The widow of one of the 17 people killed in a helicopter crash off Newfoundland last year says he wouldn't have died if the chopper's manufacturer and oil companies had taken problems with the aircraft more seriously.
Sharon Pike told an inquiry Wednesday that she believes her husband, Paul, would still be alive if concerns that arose about the Sikorsky S-92A's gearbox in July 2008 in Australia were taken more seriously.
"He did not have to die in such a horrific way," said Ms. Pike, brushing away tears.
Pike appealed to Sikorsky, Cougar - the St. John's office where the chopper was based - and the oil companies to make safety more of a priority in the future.
"If these companies had acted upon the warning they had when the helicopter was forced to land in Australia in July 2008 and fixed the problem with the gearbox immediately, rather than allowing for a time frame of one year or 1,250 flying hours, Paul would be with his children and me today.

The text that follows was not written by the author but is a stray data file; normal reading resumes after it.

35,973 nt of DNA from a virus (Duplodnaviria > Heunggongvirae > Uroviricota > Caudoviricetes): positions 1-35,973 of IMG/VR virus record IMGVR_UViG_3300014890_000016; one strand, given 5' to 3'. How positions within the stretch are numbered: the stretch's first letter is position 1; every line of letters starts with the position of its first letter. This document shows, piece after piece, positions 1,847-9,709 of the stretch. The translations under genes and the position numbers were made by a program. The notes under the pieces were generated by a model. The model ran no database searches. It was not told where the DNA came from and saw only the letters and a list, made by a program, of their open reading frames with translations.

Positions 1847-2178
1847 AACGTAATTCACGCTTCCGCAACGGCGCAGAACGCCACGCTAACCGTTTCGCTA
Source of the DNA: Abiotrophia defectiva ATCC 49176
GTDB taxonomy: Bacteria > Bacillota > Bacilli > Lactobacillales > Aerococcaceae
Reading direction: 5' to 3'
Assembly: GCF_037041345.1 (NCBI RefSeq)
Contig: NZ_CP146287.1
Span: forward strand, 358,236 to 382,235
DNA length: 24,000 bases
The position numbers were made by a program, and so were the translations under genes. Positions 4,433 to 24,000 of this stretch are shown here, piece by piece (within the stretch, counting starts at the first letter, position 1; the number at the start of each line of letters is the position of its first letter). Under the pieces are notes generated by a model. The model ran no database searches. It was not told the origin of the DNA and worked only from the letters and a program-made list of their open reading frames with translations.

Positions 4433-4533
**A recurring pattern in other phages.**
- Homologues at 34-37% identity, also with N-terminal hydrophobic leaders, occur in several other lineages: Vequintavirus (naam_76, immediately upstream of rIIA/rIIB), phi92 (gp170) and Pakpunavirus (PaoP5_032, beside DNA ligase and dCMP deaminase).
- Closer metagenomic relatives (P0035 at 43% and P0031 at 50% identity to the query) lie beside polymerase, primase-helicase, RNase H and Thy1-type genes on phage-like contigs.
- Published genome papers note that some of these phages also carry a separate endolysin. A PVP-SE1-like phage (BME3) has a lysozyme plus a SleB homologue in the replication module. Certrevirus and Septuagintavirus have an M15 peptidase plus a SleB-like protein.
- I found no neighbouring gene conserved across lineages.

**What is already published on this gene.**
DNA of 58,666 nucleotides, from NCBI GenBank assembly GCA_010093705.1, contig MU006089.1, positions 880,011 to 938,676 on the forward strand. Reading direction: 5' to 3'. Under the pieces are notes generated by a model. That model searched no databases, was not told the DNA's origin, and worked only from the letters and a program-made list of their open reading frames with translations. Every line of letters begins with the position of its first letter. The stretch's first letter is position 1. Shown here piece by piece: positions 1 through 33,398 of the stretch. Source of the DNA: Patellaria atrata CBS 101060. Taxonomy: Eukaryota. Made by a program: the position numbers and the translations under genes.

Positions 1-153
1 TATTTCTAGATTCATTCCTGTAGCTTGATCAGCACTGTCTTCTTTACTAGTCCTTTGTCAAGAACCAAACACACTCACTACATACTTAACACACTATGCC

"Someone in one of these companies should've taken this situation more seriously."
Ms. Pike said she could not articulate the emotional pain her family has endured since her husband's death.
"Words cannot express the devastation our family feels."
The inquiry into the safety of choppers that fly offshore was called after Cougar Flight 491 went down in the North Atlantic last March.
Officials with the union representing offshore workers at the Hibernia and Terra Nova offshore oil projects testified Tuesday, describing a corporate culture in which workers' concerns about safety went unanswered.